Searching For Scorpio Rising

by Leo Williams

“You have to put on the dress for the photo,” my mother begs.

I’m five years old. My fists are balled up as my mother and I are glaring at each other from across a synthetically green lawn. She is peering through the lens of her camera, trying to direct my sister and me into the frame. As she arranges a composition, she tells us she’ll develop these photos into Christmas cards to send to family and friends.

Without wedges, my mom is five feet tall. But with the lift, she is a tower looking down. Add in her voluminous hair and a canopy casts a shadow over me. Her impatience reveals itself as her voice rises a few decibels moving from request to command. The intimidation isn’t enough to stop my protest. I continue to stand my ground against a force I cannot yet name.

We’re in Florida where instead of winter snow there is pollen gently falling around us. Instead of coats, our bare skin is exposed and warmed by sun. Instead of evergreens, there are palms. Throughout my grandparents’ yard, there are plants with menacing textures and vibrant colors. There is crown of thorns, a flower bush laden with spikes, and a pindo palm that snakes above the water. Its large fronds poke out of its trunk like a king cobra’s hood.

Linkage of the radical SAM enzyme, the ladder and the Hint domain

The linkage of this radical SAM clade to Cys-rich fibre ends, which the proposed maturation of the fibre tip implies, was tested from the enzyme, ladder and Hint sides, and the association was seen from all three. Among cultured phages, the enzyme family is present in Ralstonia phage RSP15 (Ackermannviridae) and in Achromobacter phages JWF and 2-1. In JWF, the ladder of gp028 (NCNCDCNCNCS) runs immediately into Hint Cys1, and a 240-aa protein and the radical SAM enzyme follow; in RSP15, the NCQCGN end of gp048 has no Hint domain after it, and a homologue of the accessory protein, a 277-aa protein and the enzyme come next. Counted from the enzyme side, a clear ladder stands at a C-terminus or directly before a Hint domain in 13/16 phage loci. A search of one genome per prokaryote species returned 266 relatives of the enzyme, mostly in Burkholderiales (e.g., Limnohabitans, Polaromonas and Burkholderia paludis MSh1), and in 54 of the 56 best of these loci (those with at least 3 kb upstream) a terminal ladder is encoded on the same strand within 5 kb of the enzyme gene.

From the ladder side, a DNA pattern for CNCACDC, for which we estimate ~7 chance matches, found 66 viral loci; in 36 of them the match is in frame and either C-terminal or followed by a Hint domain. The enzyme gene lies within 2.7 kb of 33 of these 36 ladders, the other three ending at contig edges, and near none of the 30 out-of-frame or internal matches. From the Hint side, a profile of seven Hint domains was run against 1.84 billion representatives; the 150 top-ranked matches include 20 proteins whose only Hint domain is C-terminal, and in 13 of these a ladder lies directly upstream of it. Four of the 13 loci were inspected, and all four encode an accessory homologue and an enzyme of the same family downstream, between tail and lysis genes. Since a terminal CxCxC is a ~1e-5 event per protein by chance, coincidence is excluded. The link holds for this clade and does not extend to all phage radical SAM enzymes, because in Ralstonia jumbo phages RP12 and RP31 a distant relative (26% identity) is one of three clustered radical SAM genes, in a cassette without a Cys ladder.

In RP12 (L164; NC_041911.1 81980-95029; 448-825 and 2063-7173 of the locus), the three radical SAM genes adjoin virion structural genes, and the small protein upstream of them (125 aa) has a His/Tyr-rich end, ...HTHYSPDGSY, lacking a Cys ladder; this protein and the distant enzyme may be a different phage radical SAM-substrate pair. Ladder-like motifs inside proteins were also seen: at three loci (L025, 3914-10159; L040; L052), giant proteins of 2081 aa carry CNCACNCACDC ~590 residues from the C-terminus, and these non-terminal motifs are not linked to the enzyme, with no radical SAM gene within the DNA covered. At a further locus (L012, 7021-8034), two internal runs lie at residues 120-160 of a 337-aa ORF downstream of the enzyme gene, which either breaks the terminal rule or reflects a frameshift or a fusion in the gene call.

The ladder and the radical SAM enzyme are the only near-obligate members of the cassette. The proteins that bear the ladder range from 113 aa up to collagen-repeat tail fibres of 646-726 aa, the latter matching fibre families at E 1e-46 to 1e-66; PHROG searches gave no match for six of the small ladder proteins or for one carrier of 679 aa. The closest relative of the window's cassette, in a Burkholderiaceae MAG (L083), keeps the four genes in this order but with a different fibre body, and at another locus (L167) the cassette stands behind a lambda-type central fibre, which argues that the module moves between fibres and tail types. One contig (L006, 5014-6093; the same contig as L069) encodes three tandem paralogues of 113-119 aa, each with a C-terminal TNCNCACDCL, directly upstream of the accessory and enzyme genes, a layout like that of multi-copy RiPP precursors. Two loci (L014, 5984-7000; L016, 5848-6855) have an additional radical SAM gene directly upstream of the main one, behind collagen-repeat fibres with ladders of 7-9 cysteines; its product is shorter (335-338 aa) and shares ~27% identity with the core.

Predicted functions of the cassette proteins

The subject of a photograph rarely has the ability to interject, explain, or provide context to an observer. I imagine my mother’s explanation over why I must wear a dress as germinating my distrust of photos.

What she wants is what so many are taught to want: to collect snapshots of memories. Evidence. For guests and perhaps more importantly, for us as a family at large to remember, meet, re-meet what once was. They’re beautiful photos of the two of us—one precocious daughter smiles wide as she stands in a formal dress beside a smaller, wispy-haired child who stares mischievously into the camera. Anyone who comes over will see what beautiful daughters my mother has as they walk the perimeter of the wall where framed photos of us hang.

But that day, her explanation causes my veins to bulge. I feel heat in my throat, my words difficult to form. The intensity of my anger is coaxed by the sight of what sits on the wooden bench: the little black dress waiting for me. The idea of it on my body makes the world feel intolerable, makes me condemn my family for seeing nothing wrong, nothing awkward, nothing unnatural about asking me to wear a dress. I look towards the crown of thorns, wishing for a cobra to emerge out of the shadows. If it did, it would slither towards me, crawl up my legs, wrap its limbless body around my wrist, and bite me with its venomous mouth. Don’t be mistaken—I do not wish to die at this moment, just to interrupt it. I wish for an escape because the inevitable is about to happen. As I wilt, I get closer to the velvet dress sliding over my body.